Saturday, December 02, 2006

NY Times: New look for party drives Denver's bid

WE'VE MOVED! Democratic Convention Watch is now at

No new news, but the Times provides a good overview of Denver's bid to host the 2008 Democratic Convention:

In the competition between Denver and New York City to play host to the Democratic Party’s presidential nominating convention in 2008, Denver officials readily admit to being the new kids on the block. New York, they say, has advantages in fund-raising, experience in running national conventions and a track record of success for the Democrats.
But if Denver prevails this time — a decision is expected by the end of the year — party members from around the country say it will probably be by virtue of a polished and highly organized effort to turn the city’s lemons into lemonade. A new location, Denver’s convention-bid organizers have argued to the party hierarchy, is precisely what the Democrats need.

The Rocky Mountain West, they say, is competitive politically and could decide the next presidency, with ranks of disaffected Republicans ripe for the picking and resurgent Democrats ready to be mobilized.

New and newly empowered Democrats across the region, like Senator Harry Reid of Nevada, who vaulted to majority leader with last month’s election, and Senator-elect Jon Tester of Montana, whose election helped swing the chamber, have been enlisted to cheer for Denver as well. A Western convention, they say, would bring recognition to a part of the country long taken for granted as the parties focused on the Midwest and the South.
And New York has some powerful allies, including both its Democratic senators, Charles E. Schumer and Hillary Rodham Clinton. Mrs. Clinton has said she favors the city because it is the best choice for the party and the economy of her state, not because it might be a nice place for a nomination. Technical issues, including transportation, security and the size of the hotels will weigh heavily on the decision too, and could come down in New York’s favor.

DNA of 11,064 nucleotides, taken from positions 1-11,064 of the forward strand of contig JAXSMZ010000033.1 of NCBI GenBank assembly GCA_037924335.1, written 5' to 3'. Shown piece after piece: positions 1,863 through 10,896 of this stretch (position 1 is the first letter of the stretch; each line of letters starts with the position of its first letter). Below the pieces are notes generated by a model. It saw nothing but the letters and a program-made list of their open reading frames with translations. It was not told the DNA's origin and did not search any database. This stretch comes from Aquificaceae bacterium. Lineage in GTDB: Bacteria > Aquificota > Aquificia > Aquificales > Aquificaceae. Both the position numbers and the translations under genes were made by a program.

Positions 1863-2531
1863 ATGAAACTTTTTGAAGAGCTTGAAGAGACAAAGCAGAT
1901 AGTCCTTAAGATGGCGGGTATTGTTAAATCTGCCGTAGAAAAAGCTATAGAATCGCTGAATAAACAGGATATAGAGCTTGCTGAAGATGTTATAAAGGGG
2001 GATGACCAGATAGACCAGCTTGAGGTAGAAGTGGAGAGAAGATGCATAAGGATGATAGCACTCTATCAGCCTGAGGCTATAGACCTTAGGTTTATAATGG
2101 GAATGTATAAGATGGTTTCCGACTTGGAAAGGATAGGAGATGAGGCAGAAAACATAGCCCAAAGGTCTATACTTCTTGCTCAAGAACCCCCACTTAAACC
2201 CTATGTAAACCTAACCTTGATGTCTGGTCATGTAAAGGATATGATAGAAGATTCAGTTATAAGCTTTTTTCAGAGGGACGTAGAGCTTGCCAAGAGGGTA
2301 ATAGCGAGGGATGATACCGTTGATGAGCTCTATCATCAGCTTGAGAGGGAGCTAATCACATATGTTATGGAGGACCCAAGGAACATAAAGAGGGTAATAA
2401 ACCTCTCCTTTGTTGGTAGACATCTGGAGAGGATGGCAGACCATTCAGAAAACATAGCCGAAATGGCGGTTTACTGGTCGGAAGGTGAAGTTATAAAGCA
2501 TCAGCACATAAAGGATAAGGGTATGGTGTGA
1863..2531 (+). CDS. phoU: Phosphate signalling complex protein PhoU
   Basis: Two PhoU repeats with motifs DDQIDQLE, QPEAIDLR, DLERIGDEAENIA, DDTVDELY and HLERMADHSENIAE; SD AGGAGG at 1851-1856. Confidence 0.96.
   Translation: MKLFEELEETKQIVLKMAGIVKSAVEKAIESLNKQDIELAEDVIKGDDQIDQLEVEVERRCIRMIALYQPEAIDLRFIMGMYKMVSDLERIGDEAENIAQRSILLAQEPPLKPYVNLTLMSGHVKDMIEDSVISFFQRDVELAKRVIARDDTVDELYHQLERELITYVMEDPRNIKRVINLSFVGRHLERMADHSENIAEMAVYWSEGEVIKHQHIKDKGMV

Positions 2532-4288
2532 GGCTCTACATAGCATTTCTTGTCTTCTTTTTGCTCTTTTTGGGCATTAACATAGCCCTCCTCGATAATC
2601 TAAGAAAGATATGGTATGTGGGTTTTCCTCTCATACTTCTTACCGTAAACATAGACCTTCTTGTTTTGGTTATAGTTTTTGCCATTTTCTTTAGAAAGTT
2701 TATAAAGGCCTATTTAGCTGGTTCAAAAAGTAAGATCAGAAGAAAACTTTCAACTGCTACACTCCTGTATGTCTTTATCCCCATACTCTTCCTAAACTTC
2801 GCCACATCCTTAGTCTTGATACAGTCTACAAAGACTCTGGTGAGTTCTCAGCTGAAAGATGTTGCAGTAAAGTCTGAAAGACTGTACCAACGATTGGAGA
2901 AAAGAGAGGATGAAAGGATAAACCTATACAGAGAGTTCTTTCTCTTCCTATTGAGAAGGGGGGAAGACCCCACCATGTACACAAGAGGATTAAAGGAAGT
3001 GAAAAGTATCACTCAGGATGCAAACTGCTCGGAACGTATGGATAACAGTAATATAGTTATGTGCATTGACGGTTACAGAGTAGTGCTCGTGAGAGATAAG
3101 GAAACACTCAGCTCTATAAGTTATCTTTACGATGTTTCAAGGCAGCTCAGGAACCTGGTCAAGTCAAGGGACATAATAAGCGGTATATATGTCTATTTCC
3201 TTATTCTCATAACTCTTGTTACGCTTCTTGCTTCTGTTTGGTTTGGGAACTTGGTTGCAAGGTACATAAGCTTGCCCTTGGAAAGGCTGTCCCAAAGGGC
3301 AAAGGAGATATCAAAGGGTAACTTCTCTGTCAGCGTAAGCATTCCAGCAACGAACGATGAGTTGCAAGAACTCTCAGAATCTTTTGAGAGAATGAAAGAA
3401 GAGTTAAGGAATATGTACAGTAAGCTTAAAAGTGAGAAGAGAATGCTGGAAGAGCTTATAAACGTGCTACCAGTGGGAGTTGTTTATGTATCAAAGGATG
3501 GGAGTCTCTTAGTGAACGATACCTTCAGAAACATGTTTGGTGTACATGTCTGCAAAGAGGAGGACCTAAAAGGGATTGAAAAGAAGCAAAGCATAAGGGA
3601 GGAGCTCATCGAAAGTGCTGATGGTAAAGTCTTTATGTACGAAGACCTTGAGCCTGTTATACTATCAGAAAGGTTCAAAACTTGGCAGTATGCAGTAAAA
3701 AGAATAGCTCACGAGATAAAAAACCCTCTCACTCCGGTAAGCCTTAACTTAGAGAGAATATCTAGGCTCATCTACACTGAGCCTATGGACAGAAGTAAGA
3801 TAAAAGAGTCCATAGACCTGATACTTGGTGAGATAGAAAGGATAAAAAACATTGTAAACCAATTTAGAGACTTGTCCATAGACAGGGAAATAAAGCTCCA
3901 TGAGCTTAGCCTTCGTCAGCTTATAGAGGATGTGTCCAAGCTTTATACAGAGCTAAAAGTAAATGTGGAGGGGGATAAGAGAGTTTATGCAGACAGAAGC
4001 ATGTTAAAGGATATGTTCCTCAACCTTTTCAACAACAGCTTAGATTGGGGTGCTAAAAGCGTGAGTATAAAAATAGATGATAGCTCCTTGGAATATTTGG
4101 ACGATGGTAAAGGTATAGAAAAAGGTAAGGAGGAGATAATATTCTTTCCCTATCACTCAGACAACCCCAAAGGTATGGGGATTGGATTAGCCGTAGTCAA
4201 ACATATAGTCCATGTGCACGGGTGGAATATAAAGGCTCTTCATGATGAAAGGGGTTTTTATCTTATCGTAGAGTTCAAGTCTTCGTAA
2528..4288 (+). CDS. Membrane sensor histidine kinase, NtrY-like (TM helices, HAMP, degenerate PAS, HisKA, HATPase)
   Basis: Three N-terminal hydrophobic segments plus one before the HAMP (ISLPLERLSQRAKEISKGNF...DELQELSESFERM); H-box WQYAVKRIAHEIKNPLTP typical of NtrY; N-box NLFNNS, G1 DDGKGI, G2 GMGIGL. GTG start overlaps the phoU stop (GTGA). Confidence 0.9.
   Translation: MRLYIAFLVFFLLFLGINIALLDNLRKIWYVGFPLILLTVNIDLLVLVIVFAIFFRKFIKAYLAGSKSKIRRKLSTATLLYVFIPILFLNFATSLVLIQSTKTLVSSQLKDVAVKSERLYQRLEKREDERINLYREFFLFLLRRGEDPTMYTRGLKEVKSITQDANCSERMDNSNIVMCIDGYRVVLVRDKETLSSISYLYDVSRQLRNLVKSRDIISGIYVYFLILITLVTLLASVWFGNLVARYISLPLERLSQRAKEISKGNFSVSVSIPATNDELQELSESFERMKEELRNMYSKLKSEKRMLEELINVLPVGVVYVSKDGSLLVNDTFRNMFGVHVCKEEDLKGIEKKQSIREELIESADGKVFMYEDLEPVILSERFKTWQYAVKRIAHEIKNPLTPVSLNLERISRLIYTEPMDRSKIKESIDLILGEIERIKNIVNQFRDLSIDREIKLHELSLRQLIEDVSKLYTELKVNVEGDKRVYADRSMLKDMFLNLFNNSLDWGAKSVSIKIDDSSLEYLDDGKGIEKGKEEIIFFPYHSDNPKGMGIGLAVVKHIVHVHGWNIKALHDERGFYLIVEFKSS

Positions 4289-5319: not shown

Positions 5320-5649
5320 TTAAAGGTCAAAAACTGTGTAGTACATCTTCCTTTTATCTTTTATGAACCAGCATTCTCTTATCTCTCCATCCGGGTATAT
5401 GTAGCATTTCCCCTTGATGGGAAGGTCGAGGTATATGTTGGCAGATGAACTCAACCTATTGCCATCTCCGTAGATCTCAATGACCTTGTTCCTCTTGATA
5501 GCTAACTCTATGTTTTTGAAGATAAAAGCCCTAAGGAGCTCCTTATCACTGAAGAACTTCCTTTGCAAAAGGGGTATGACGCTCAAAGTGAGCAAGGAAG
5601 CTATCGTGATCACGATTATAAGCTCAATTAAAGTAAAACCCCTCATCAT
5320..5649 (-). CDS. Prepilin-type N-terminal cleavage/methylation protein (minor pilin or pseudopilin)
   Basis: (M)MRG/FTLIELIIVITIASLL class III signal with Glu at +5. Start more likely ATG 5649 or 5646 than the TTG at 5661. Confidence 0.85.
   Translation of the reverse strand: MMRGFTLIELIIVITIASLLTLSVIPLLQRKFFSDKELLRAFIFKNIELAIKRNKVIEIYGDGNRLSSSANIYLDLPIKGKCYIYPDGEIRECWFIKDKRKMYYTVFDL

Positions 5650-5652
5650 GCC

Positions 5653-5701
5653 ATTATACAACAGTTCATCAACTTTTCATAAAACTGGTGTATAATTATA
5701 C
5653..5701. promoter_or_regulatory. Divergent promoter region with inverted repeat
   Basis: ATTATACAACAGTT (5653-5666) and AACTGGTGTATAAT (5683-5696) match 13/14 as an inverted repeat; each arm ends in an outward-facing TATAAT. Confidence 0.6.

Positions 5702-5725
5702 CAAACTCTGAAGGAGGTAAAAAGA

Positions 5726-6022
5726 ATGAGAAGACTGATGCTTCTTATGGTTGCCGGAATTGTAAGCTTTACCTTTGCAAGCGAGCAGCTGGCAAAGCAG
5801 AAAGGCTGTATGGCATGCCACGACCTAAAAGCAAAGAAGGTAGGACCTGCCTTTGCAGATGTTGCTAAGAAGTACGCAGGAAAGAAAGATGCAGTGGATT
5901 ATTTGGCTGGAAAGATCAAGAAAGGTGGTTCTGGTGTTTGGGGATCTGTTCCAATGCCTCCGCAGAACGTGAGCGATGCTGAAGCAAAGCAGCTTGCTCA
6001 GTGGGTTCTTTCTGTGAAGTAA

But party members across the country say that there is no doubt that Denver has hit on a potent combination of economic development goals and political ambition. A convention with 30,000 eating, drinking, hotel-room-using Democratic partiers and journalists would inject perhaps $160 million into the local economy, organizers say, and at the same time crown the city as an unquestioned capital of the interior West — and the two goals are in sync.

“A convention can provide a stage to introduce the nominee in a way that gets the country’s attention and tells a story,” said Debbie Willhite, a longtime Democratic strategist who came here earlier this year to run Denver’s bid as executive director. “And the networks can’t come in here without showing the broad plains and Rocky Mountains — that’s a very big stage.”

A spokeswoman for the Democratic National Committee, Karen Finney, said the final decision would be based on many factors. “Logistics, fund-raising, the political questions — these are all factors that go into the decision, all of which are important,” Ms. Finney said. “Our end goal is to have the best convention possible.”

Money is probably Denver’s biggest hurdle. Running a national political convention costs about $80 million, of which the host city must raise about $55 million. Denver bid officials believe they are close to that, including more than $12.5 million in cash and in-kind corporate donations just this week, and $5 million to $10 million more that Democratic governors in nearby states have said they could draw from local contributors.

Party members say that last month’s election probably bolstered Denver’s hopes by underscoring the political argument about a Western realignment and thus making it easier to raise money.

Democrats made gains in Montana, in Mr. Tester’s election, and here in Colorado, where the election of Bill Ritter as governor put Democrats in charge of the executive and legislative branches of state government for the first time since 1960. The state’s junior senator, Ken Salazar, a Democrat who was elected in 2004, has also become a standard-bearer for Hispanic voters, especially in the Southwest.

Update: Jonathan Singer at MyDD comments on the Times article:
The results of November 7 largely confirm the sentiments of Sens. Salazar and Hart, with Democrats in the region picking up a Senate seat, three seats in the House and one more governorship, giving them a majority of the governor's mansions in the region. At the least, the last three elections have sewn the seeds of Democratic gains in the region in future presidential contests, at best turning the Mountain West into a key segment of the Democratic Party base. But just as voters in the region have reached out to the Democratic Party by electing Democrats both to state level and federal offices, so too should the Democratic Party reach out to voters in the region by holding their nominating convention in the heart of the region -- Denver.